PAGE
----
Indian agencies have used technology to establish that Pakistan’s 2015 and 2019 statutory resolution mentioning Dawood Ibrahim were uploaded in 2020 and the move is only meant to save face.
- Last Updated: August 24, 2020, 12:24 AM IST
India has threatened to expose Pakistan at the Financial Action Task Force (FATF) for misleading the international community on terrorists Dawood Ibrahim and Zakiur Rehman Lakhvi.
Following up on their claim that Pakistan’s 2015 and 2019 statutory resolution mentioning Ibrahim, India’s most-wanted terrorist, were “back-dated lies,” Indian agencies have used technology to establish that all these documents of 2015 and 2019 were uploaded in 2020 and the move is only an attempt by the neighbouring nation to save face. “All our URL search shows the documents did not exist before 2020. They were all uploaded in 2020,” an official said.
Pakistan in its statutory resolution of August 18, 2020, had for the first time accepted that Ibrahim, the perpetrator of the 1993 Mumbai blasts, lived in Karachi, Pakistan.
However, a Pakistan Foreign Office statement called this routine. “The consolidated SROs are issued periodically as a routine matter. Similar SROs have been issued by the Ministry of Foreign Affairs in the past, as per statutory requirements and to meet our international obligations. Last such SROs were issued in 2019,” the Pakistan Foreign Ministry said in a said.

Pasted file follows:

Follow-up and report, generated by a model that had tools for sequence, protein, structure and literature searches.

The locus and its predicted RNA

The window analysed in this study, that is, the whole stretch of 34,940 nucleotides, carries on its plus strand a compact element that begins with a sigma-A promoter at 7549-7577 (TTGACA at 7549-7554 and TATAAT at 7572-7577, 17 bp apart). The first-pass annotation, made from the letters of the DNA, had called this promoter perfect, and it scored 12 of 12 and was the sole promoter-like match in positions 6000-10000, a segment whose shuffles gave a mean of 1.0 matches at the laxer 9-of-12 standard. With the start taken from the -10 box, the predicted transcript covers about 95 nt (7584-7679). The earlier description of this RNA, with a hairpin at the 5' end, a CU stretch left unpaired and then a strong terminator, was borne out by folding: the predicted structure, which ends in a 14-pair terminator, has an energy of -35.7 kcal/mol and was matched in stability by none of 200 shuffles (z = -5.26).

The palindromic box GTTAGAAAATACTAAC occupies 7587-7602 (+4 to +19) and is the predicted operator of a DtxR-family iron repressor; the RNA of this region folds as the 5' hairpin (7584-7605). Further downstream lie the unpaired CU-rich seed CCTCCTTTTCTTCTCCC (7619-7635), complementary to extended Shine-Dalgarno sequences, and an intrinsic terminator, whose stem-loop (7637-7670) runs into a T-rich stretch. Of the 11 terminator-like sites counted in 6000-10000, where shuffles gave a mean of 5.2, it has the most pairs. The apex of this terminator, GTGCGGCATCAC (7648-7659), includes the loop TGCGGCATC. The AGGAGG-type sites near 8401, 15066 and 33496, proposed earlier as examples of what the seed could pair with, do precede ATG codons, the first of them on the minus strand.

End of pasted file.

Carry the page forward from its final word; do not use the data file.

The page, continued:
It added, “The assertions made by some sections of the Indian media, as to Pakistan admitting to the presence of certain listed individuals on its territory, based on the information contained in the SRO, is baseless and misleading. “
However, Indian agencies say that reverse search of the Ministry of Foreign Affairs’ URL conclusively exposes the misleading claim of Pakistan.
“These are all MOFA URLs. How will they deny this?” an official said. He, however, conceded that Pakistan can argue to save face that resolutions were passed in 2015 and 2019, but put on the website later.
To counter any such claim, Indian agencies point out that Interpol, UN and other international organisation links that the statutory resolution shares also exposes Pakistan. For example, the SRO from December 22, 2015, to January 16, 2020, had a reference to ‘2020/01’ in their URLs. “If a resolution was passed in 2015, how can it have a link of 2020 in it for reference,” another said.
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